Is your business an “essential business”? That is a question that manufacturers must prepare to answer as governments continue to act to stem the spread of COVID-19.
In response to COVID-19, a handful of governors across the country are issuing increasingly restrictive shelter in place directives that tighten the exemptions for commercial activities like manufacturing and office functions. Under the most recent directives, exemptions are limited to a narrower group of “essential” businesses. To date, the Evers Administration has not gone as far as these other states.
This Legal Update provides a framework to evaluate how a business may be characterized as “essential” in Wisconsin based on shelter-in-place directives issued elsewhere in the country. Now is the time for Wisconsin manufacturers to assess the likelihood that they will be mandated to close as government directives continue to evolve. The analysis of whether a manufacturer can properly be characterized as “essential” should guide any closure decisions.
Current Closure Standard in Wisconsin
Currently, all gatherings of more than 10 people are prohibited pursuant to Wisconsin Department of Health Service Emergency Order #8 (“DHS Emergency Order #8"). This prohibition is subject to a number of exemptions, however. Offices and manufacturing facilities may remain open despite gathering more than 10 people. For offices, DHS Emergency Order #8 provides that office spaces “shall implement social distancing, including teleworking, as much as practicable.” Social distancing is not mandated at this time in manufacturing, processing, distribution and production facilities.
Please note that the lack of a mandate does not in any way diminish the utility of social distancing practices whenever it is practical to implement them. That principle continues to apply even if your business falls within the scope of an “essential” business throughout this pandemic.
A Definition of Essential Businesses and Operations
Government orders outside Wisconsin have varied in their characterization of what business operations are deemed “essential.” The Illinois order provides a helpful sample, and tracks more restrictive orders from elsewhere in the country (the “Illinois Stay-at-Home Order”). This is a broad “stay-at-home order,” whereby the Governor is mandating that people stay home as a general rule subject to enumerated exemptions. The Illinois Stay at Home Order does not apply to “Essential Businesses and Operations,” which include companies engaged in the “Manufacture, distribution and supply chain for critical products and industries.” The non-exclusive list of industries includes technology, biotechnology, transportation, energy, steel and steel products, petroleum, mining, construction, and national defense, as well as products used by other essential businesses and operations. Wisconsin manufacturers are well-advised to consider how their operations would be impacted if Wisconsin were to adopt an approach similar to the Illinois Stay-at-Home Order.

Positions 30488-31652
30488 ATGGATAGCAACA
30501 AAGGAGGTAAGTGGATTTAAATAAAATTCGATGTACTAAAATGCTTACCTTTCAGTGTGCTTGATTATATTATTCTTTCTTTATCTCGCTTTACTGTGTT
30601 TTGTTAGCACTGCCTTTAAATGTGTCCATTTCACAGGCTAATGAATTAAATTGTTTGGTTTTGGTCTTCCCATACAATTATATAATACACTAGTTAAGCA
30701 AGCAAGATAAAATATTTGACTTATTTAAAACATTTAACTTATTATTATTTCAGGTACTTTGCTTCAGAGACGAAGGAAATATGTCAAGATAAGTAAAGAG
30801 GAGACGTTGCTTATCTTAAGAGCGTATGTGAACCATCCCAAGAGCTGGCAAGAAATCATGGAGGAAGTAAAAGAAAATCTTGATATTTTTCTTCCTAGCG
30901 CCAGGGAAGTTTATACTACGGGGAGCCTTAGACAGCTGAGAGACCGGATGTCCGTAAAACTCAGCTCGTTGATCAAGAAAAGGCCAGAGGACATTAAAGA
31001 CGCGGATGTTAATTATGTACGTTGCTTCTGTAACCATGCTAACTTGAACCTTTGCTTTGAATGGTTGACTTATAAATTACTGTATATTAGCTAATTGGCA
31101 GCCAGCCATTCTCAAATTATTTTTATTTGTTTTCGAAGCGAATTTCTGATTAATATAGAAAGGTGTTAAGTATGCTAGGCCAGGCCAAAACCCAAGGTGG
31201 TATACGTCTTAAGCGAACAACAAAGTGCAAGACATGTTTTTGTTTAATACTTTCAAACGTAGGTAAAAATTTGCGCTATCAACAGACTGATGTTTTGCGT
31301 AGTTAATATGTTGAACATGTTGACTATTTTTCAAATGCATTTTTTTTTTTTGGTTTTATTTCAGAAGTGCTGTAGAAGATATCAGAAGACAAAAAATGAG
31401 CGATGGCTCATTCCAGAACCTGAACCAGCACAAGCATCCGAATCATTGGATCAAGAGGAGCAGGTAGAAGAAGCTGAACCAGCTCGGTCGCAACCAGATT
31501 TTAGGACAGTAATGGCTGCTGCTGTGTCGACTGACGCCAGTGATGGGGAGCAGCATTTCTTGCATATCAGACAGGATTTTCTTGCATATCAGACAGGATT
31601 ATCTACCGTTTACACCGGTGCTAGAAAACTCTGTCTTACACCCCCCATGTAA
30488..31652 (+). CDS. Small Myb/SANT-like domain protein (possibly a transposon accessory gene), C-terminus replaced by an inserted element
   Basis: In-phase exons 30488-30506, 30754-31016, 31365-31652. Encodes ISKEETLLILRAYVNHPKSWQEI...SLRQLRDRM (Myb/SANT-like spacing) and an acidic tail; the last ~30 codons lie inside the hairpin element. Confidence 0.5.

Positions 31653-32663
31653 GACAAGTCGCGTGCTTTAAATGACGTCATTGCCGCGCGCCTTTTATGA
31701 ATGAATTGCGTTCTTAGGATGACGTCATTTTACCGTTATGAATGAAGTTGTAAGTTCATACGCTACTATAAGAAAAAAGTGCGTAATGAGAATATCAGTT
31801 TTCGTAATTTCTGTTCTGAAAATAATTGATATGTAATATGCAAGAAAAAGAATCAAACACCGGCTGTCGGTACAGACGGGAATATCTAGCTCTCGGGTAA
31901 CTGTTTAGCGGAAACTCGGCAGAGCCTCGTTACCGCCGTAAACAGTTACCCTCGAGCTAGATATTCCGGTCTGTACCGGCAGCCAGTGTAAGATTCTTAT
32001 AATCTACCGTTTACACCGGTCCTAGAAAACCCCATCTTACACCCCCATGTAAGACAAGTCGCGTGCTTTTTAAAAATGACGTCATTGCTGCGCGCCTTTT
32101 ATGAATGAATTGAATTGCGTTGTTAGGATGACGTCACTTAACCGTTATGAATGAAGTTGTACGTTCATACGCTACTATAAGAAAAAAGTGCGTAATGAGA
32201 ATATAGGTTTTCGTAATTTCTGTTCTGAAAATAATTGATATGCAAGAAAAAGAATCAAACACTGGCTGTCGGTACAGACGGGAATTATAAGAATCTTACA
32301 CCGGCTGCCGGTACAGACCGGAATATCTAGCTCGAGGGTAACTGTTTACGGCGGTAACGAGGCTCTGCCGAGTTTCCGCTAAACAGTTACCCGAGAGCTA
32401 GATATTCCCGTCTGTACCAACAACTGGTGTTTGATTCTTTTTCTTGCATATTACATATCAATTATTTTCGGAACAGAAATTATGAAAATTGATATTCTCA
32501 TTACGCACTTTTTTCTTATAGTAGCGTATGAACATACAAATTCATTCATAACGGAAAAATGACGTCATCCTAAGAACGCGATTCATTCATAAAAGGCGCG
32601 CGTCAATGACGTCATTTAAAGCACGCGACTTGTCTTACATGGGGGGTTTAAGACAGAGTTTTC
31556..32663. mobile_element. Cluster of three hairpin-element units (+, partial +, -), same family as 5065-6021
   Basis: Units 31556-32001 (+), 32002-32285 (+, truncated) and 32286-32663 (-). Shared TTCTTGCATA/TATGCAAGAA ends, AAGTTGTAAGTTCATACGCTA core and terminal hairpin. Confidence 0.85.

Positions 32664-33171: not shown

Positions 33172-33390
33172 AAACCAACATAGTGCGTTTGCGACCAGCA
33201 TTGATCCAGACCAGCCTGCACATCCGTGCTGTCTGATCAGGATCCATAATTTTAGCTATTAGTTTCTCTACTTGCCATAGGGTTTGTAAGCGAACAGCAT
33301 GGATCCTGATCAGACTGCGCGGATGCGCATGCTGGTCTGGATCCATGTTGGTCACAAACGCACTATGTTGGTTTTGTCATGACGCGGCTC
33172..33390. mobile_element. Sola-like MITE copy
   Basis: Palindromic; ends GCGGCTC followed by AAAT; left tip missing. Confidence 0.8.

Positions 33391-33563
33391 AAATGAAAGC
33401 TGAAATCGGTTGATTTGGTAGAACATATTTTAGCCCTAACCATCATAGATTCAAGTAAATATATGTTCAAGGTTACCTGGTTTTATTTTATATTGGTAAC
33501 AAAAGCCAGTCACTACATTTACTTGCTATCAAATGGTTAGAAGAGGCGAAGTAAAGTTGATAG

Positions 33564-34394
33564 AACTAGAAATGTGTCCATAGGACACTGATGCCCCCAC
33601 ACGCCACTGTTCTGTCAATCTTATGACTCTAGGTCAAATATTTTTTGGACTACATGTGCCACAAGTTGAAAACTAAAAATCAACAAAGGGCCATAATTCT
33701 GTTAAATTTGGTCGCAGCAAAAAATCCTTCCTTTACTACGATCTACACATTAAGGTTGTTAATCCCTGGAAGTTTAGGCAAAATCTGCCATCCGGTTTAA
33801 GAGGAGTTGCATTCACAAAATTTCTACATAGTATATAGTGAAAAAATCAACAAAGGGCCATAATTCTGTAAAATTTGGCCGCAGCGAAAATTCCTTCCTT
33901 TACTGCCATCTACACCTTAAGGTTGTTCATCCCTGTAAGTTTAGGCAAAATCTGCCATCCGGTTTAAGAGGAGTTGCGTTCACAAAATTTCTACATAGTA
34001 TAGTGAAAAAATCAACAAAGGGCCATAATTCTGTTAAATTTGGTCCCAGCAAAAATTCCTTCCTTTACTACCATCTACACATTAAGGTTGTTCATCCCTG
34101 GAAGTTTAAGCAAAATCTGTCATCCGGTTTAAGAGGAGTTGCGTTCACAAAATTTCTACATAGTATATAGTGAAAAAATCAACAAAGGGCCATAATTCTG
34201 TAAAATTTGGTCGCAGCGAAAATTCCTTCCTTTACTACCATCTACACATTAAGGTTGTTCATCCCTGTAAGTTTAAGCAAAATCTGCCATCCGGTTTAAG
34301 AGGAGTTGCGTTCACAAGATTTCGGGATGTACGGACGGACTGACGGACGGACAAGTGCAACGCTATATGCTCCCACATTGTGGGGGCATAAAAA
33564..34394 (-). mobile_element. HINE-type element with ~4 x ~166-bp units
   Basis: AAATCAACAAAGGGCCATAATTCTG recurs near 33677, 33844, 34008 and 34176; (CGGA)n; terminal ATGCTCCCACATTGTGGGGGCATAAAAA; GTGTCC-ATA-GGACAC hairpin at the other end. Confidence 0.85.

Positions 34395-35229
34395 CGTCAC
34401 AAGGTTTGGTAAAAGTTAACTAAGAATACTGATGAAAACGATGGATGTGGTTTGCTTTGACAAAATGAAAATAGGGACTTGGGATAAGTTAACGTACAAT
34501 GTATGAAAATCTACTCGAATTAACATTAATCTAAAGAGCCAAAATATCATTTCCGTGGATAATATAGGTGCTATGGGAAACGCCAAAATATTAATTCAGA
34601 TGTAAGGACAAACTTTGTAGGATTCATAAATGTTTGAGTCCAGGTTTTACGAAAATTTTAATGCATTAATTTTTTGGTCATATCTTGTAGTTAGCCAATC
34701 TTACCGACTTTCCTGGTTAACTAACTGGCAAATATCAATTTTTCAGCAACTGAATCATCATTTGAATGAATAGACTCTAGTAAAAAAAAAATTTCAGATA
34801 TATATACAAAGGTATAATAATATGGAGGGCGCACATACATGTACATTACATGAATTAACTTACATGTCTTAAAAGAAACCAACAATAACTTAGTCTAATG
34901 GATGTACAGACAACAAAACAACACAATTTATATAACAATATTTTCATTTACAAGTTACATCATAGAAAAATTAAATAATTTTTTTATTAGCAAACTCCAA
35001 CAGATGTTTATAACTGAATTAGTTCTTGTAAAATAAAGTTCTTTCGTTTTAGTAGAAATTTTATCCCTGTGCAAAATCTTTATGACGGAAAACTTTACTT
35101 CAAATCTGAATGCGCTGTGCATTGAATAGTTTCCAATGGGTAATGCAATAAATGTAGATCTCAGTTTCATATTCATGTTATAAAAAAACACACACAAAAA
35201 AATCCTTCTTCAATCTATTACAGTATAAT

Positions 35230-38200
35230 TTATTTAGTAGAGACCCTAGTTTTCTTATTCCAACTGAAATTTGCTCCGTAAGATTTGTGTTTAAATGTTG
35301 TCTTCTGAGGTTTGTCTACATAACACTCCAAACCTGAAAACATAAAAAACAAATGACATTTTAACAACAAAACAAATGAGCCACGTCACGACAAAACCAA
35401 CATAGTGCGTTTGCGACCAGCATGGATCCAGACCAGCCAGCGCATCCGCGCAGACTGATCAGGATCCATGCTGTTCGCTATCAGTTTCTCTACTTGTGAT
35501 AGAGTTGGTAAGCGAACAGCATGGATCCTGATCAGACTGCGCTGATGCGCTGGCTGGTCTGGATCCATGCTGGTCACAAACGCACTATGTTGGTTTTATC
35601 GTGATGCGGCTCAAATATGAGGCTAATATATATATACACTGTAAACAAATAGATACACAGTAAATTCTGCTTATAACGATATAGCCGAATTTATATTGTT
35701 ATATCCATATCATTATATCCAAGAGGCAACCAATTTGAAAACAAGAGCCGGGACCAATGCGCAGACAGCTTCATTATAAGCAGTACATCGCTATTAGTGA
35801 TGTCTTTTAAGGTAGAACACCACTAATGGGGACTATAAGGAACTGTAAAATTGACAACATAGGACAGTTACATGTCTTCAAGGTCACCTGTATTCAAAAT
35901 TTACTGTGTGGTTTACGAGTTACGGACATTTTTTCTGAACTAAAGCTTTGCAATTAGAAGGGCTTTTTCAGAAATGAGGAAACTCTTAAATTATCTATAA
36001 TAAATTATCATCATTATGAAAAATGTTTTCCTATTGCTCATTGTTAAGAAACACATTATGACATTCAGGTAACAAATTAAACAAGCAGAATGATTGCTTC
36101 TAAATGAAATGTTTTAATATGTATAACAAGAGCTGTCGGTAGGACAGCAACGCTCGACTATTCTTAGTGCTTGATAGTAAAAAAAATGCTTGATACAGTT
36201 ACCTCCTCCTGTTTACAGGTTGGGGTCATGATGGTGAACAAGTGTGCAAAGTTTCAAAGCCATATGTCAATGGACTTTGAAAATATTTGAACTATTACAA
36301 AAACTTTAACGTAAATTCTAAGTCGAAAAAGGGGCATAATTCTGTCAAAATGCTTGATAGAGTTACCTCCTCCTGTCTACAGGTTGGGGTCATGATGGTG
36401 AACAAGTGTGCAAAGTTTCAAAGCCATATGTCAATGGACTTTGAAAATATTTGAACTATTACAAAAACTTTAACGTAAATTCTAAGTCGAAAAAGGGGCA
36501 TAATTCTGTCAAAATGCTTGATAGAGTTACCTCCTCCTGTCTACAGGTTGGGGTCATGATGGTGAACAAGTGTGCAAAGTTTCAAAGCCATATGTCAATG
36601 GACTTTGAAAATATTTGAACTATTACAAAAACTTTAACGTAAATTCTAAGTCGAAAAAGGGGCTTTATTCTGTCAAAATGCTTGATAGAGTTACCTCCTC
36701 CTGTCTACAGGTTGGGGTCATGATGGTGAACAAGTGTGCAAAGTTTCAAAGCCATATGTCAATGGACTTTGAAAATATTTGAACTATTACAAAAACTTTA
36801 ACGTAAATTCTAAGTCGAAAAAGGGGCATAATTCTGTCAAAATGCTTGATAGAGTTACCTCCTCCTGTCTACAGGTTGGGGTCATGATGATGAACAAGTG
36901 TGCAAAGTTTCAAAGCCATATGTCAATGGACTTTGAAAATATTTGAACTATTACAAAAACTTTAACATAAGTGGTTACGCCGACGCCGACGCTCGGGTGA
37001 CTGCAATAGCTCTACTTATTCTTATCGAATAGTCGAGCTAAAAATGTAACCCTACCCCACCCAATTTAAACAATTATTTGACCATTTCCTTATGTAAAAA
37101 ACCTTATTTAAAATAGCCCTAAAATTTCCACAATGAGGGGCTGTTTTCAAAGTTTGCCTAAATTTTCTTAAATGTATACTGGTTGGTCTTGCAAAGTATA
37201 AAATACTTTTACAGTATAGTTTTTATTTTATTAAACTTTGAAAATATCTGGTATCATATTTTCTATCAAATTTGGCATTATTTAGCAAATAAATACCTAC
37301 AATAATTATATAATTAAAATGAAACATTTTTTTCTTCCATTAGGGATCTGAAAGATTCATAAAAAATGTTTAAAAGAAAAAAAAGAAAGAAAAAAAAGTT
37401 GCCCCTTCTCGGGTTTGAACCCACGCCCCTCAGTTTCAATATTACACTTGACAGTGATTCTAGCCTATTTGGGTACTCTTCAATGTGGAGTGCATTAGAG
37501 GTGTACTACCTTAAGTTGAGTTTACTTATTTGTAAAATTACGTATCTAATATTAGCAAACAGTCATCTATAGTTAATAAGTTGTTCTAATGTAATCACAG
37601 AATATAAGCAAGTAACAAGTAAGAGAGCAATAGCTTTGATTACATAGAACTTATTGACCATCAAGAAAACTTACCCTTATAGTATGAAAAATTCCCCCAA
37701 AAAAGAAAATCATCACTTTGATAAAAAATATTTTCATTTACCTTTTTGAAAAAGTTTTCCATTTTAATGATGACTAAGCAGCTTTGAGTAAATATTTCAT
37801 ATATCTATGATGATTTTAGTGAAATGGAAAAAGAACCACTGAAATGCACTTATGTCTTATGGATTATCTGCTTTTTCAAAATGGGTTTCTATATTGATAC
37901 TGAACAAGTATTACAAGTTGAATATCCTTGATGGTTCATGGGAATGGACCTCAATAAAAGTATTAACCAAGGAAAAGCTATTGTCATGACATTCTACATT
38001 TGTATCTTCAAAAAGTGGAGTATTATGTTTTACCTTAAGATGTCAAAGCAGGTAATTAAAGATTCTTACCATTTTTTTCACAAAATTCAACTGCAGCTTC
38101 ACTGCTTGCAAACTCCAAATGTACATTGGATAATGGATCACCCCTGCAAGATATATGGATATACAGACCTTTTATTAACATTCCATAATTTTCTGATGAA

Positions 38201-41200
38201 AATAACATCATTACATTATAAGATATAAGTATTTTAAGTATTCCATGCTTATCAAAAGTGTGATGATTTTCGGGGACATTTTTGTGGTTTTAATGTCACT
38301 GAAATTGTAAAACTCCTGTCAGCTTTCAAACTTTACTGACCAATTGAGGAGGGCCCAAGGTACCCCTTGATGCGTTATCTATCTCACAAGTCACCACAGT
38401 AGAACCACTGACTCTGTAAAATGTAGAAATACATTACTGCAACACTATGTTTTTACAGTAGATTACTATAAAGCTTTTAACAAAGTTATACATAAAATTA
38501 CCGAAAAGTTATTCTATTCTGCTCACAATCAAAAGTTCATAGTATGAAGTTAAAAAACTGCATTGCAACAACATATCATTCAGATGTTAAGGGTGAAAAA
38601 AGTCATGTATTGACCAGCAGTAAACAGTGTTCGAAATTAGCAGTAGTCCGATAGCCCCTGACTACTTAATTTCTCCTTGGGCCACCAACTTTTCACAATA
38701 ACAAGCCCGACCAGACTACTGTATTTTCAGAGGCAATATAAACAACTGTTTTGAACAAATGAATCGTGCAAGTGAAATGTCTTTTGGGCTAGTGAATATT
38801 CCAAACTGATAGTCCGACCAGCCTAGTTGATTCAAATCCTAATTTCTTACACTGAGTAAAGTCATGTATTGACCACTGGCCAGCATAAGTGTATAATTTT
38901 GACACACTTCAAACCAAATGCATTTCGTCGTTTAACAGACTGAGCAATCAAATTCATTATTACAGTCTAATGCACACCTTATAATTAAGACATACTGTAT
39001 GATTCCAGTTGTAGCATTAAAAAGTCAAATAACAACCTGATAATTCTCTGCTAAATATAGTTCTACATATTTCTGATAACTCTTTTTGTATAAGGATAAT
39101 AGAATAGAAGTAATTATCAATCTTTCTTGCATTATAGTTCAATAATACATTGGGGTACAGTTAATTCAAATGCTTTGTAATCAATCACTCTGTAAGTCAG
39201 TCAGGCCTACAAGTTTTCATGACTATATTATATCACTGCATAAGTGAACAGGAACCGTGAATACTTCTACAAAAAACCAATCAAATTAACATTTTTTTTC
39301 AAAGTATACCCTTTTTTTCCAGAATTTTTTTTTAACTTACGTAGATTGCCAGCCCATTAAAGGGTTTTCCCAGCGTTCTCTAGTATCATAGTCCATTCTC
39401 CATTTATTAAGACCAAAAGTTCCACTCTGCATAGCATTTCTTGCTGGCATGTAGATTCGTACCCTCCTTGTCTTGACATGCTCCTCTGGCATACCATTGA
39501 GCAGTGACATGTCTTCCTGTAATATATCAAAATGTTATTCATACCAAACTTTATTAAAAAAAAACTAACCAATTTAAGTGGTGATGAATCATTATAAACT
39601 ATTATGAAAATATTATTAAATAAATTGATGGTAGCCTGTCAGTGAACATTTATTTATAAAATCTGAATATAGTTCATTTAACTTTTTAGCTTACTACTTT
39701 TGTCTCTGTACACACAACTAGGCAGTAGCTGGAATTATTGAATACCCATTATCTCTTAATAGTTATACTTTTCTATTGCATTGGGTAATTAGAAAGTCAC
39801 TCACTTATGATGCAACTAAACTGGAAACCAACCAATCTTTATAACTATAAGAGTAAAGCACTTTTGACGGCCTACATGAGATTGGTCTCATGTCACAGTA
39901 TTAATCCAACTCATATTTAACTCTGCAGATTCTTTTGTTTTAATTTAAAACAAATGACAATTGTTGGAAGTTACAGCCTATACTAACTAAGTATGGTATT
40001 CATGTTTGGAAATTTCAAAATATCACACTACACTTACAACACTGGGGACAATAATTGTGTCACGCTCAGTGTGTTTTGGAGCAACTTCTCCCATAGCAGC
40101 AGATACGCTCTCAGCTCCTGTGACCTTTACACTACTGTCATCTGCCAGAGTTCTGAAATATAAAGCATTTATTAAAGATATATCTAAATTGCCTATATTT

Consider Why Your Business is Essential, and Write It Down
As noted, the State of Wisconsin does not currently have a definition of “essential” in the context of closure directives. We are at a stage where it is critical to evaluate and anticipate how your business may be impacted by different definitions that may become part of governmental directives regulating businesses generally. “Essential” could mean that your business supplies an “essential” business. Based on definitions provided elsewhere, it would be helpful to draft a written statement that explains the functions of your business that are currently and likely will remain essential. If your business supports or supplies another “essential” business, you may wish to solicit a written communication from that customer confirming that your company is essential to its operations.
Be Prepared to Communicate
Once you have assessed why your business may be essential, consider the appropriate means to communicate that to the necessary parties. It may be helpful to message the essential nature of your business to your workforce, supply chain and government authorities. In short, prepare now to justify any decision you might make to stay open based on your company’s status as an essential business or operation.
The COVID-19 von Briesen Task Force will continue to closely monitor directives related to closures, and we are specifically tracking how those directives classify essential versus nonessential business operations. If you should wish to discuss further steps to assess whether your business may be essential, please contact any member of the von Briesen Manufacturing Team or the COVID-19 von Briesen Task Force.
von Briesen & Roper Legal Update is a periodic publication of von Briesen & Roper, s.c. It is intended for general information purposes for the community and highlights recent changes and developments in the legal area. This publication does not constitute legal advice, and the reader should consult legal counsel to determine how this information applies to any specific situation.